Several members at the Army Headquarters did not like the idea and clearance to fly could only be granted by them in Port au Prince. It became harder and harder for Raymond to obtain the authorization to fly and the airplane was most of the time on the ground and was becoming a burden for the factory. To avoid further complication, Raymond decided to sell the BT-13 to the only possible buyer, the Aviation Corps of Haiti. The field used as one way, so beneficial short and long term to the community and the region was left abandoned. The airplane was used by the Corpsd”Aviation in the transport of mail and passengers for a long time thereafter.

On October 08, 1962 fearing for his life as well as his family’s safety, Raymond crossed the Dominican border to seek political asylum. The assassination of Truijilo several months earlier made it possible. On May 1969, Raymond was one of the pilots of theB-25 that dropped the bombs over Duvalier in the National palace. (See a page of History May 20, 1964)The Raymond Cassagnol’s book, Mémoires d’un Révolutionnairel; “A slice of the Haitian political life 1937 to 1988 (http://www.fordi9.com/Pages/AffairCassagnol.htm)

Once Upon A Time At Ramitelli – Some 180 White Crew Men Saved

by Zellie Rainey Orr

The views expressed in this article are those of the writer and do not reflect the policy or position of Tuskegee Airmen, adiposity
Inc. or its Affiliates

“…In a synopsis, generic while on Control Tower Operator duty at Ramitelli Air Base in early June 1944 by constantly scanning the sky for aircraft in trouble I noticed what appeared to be a lost flight of USAAF bombers by the lead bomber dropping emergency flares over what he reckoned was friendly territory and airstrips and by immediately interrogating the lead bomber by green light I learned there was a squadron of planes requiring emergency landing with seriously wounded aboard.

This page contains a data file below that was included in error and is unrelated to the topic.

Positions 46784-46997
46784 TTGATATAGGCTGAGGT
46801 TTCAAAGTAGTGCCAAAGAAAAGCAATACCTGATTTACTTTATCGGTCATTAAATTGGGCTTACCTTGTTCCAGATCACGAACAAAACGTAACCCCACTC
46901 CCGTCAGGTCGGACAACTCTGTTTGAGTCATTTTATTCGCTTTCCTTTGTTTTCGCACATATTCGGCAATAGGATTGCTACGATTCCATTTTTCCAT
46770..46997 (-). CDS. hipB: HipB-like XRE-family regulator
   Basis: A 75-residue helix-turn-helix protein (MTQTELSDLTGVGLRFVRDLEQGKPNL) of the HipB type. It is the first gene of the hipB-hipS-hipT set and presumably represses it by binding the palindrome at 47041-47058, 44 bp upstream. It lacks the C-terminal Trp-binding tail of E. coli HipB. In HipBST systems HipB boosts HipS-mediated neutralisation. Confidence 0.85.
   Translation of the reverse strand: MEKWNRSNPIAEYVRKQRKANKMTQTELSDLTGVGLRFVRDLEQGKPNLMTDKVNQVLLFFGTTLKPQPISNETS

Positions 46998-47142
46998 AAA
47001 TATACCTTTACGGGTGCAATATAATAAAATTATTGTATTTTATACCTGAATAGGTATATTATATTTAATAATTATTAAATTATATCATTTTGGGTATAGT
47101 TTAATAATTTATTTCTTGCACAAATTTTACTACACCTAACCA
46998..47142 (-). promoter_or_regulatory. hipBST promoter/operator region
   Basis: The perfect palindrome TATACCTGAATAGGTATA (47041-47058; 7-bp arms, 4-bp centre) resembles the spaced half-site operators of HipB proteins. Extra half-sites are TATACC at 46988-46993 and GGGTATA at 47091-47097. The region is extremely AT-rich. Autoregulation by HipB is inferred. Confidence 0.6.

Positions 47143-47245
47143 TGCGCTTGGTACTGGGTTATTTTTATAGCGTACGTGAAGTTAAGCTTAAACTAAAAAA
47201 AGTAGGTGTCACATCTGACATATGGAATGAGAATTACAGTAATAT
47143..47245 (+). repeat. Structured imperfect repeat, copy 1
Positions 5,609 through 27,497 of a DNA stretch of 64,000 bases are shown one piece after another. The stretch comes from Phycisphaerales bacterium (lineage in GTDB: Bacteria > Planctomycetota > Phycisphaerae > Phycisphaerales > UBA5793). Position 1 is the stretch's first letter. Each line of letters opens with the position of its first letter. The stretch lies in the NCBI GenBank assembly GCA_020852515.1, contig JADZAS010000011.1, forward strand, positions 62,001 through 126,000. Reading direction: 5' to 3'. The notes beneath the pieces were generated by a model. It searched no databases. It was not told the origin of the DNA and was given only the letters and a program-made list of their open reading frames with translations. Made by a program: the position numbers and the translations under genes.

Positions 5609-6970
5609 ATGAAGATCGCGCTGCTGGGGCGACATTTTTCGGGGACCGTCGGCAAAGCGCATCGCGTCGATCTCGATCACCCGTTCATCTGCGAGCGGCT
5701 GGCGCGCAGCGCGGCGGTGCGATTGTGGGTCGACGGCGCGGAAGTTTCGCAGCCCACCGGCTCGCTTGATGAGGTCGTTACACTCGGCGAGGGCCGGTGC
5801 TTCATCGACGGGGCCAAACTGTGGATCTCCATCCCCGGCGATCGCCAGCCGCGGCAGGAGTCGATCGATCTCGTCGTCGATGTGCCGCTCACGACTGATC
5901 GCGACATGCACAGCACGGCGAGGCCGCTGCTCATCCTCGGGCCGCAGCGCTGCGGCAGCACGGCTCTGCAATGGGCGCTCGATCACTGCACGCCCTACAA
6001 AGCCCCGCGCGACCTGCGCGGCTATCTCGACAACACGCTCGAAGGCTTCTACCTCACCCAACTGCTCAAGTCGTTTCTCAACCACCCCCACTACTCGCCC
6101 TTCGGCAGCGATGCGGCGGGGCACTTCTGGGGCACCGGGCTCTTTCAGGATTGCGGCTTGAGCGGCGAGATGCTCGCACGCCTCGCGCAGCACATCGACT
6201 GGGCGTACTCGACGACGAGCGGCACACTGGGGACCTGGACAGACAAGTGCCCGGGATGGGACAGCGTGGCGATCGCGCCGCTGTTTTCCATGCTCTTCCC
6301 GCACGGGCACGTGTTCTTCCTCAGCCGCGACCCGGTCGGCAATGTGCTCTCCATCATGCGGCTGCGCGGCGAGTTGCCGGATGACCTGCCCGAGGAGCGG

I directed the group into a safe landing and in the meantime alerted local medics to meet the lost planes and care for the wounded.  A general’s son was in the landing group. For my actions a Fifteenth Air Force general officer addressed a letter through channels to my unit expressing appreciations for my actions as the on-duty tower operator.  A copy of this letter was read to me by a unit officer but was never placed in my files nor I given a copy, pharmacy
this in spite of my effecting a life-saving action on my own volitions and alertness.

 

Another occasion on which I effected a life-saving action for lost bombers was in late December of 1944 at Ramitelli Air Base during inclement weather with zero visibility. I took note of wind conditions and zero ceiling common to Ramitelli so as to bring all these aircraft in for a safe landing. Again the Fifteenth Air Force command sent a letter of commendation and appreciation for my attentiveness and diligence with these disabled flight crews. Again the letter was read to me about my involvement but no copy was appended for my files.

…I shall simply summarize my request to you by stating that I feel my case should not pass on to history without granting me the small recognition here asked and is due and owing to me.”